The Next Three Days

With a free preview ticket clutched in my gloved hand, I risked icy roads and wayward drivers to take an early peek at The Next Three Days yesterday. This is another example of a film that’s been out in the US for weeks – actually it’s been out in Kazakhstan for weeks – and yet still the UK must wait until 7 January. So, despite my Russell Crowe issues, somewhat alleviated by my unexpectedly positive response to Robin Hood, I was pleased to see the film early. I still can’t remember the title correctly, though. The Next Three Days as a collection of words seems to fall into that section of my memory that cannot cope with sentences and every time I think of this film I have another name for it. But that’s not Russell’s fault.

The thriller asks us to think what we would do if the wife or husband we loved were ripped from us one day and thrown into prison for twenty plus years for murder. And the evidence is good. Do you wait for their release? Do you entertain hopes of new evidence and justice? Or do you grab hold of your own reality and plan an escape? That is the path that John Brennan (Crowe) takes when his beautiful wife Lara (Elizabeth Banks) is arrested for the murder of her boss, with whom she was seen arguing the day before. And it takes an immense amount of planning, including an intense consultation with a seasoned escapee played by Liam Neeson.

The film stresses that Brennan is an ordinary man, the type who has to ask when he buys a gun where the bullets go. As the stakes get higher, Brennan becomes more desperate, while the young son who now refuses to kiss his mother puts up with it all, with everything around him sold to pay for his father’s grand plan. Not everything goes according to plan and some of the mistakes are as intense and thrilling as the successes.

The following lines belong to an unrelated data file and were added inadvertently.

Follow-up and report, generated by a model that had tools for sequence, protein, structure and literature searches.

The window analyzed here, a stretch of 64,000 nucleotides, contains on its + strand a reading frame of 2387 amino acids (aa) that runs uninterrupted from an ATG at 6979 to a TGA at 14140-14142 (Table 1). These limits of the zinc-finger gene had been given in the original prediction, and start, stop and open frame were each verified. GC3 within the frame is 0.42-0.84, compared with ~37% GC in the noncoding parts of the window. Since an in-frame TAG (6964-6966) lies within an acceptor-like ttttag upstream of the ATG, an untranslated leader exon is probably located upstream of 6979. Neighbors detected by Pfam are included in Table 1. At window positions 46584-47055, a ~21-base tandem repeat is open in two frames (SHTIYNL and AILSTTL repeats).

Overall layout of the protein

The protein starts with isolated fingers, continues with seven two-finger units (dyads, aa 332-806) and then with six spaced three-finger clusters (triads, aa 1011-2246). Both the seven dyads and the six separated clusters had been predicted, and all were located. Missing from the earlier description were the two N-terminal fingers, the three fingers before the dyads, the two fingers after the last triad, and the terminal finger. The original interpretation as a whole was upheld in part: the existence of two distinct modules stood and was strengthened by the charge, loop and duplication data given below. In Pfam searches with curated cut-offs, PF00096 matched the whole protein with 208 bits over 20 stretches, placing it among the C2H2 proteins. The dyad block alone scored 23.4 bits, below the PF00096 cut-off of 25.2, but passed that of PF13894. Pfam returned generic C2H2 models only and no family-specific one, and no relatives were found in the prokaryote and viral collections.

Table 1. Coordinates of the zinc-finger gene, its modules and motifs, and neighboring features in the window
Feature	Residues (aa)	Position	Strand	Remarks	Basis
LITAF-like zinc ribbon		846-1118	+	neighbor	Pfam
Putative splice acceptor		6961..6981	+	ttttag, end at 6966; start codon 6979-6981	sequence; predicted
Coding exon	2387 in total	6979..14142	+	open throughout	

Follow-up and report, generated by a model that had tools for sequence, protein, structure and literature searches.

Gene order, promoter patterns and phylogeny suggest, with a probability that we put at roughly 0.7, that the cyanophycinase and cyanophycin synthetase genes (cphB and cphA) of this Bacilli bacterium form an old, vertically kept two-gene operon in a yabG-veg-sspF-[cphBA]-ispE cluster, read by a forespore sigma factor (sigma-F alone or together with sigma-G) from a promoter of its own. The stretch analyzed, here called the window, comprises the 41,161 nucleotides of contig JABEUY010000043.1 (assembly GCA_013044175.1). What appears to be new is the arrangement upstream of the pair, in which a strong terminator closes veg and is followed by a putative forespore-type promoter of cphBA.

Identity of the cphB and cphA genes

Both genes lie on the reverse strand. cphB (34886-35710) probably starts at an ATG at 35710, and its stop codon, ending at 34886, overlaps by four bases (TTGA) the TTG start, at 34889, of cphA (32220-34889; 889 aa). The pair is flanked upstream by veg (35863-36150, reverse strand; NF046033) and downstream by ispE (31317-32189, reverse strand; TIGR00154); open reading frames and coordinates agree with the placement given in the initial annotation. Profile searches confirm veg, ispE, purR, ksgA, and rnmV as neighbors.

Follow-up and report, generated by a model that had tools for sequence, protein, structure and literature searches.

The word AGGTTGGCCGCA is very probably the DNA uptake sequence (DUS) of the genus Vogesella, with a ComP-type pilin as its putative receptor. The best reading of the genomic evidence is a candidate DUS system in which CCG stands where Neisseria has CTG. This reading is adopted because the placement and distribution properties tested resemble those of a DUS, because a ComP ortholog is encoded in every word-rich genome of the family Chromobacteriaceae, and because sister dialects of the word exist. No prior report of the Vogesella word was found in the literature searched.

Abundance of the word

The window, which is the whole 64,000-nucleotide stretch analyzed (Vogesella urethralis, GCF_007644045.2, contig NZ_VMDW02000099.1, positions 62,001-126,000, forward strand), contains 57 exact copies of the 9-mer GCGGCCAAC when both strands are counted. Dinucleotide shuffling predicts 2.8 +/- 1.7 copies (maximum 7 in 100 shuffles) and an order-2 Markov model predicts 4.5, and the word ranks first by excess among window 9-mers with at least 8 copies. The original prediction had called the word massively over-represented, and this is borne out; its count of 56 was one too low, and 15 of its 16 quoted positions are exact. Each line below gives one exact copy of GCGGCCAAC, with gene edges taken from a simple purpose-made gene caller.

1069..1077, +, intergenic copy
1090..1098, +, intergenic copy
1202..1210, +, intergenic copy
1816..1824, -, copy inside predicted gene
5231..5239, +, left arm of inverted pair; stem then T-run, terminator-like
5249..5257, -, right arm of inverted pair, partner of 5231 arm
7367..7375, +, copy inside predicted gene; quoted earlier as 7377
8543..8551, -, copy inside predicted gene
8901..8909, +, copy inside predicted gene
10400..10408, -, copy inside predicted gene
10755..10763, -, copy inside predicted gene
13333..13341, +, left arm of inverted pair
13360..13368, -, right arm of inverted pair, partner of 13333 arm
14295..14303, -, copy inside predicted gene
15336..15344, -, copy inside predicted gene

This isn’t a film of black and white. The police whose job it is to catch the escaped, aren’t featureless or inhuman, and Lara isn’t a simple case of the innocent convicted. Despite all the dangers and the doubts, John Brennan stays true to his purpose and constructs the most elaborate scheme, which covers the walls of his house in photos, maps and tips. The 15 minute rule and the 35 minute rule.

The Next Three Days is an intense film. Arguably it is a film that will give you a headache. I’d also argue that it’s about 20 minutes too long because how much of this tension can one take? John Brennan watches himself taken to the depths of desperation, with a wife he is divided from, and inevitably that means he commits actions that horrify both us and him. This is not an easy film to watch and elements of it are extremely frustrating, fingernails on blackboards kind of frustrating. But you need to see it through, you need to see how it ends.

It was a very pleasant surprise to see Brian Dennehy as Brennan’s father. Trudie Styler was also unexpected. Now all I need to do is remember the name of the film.

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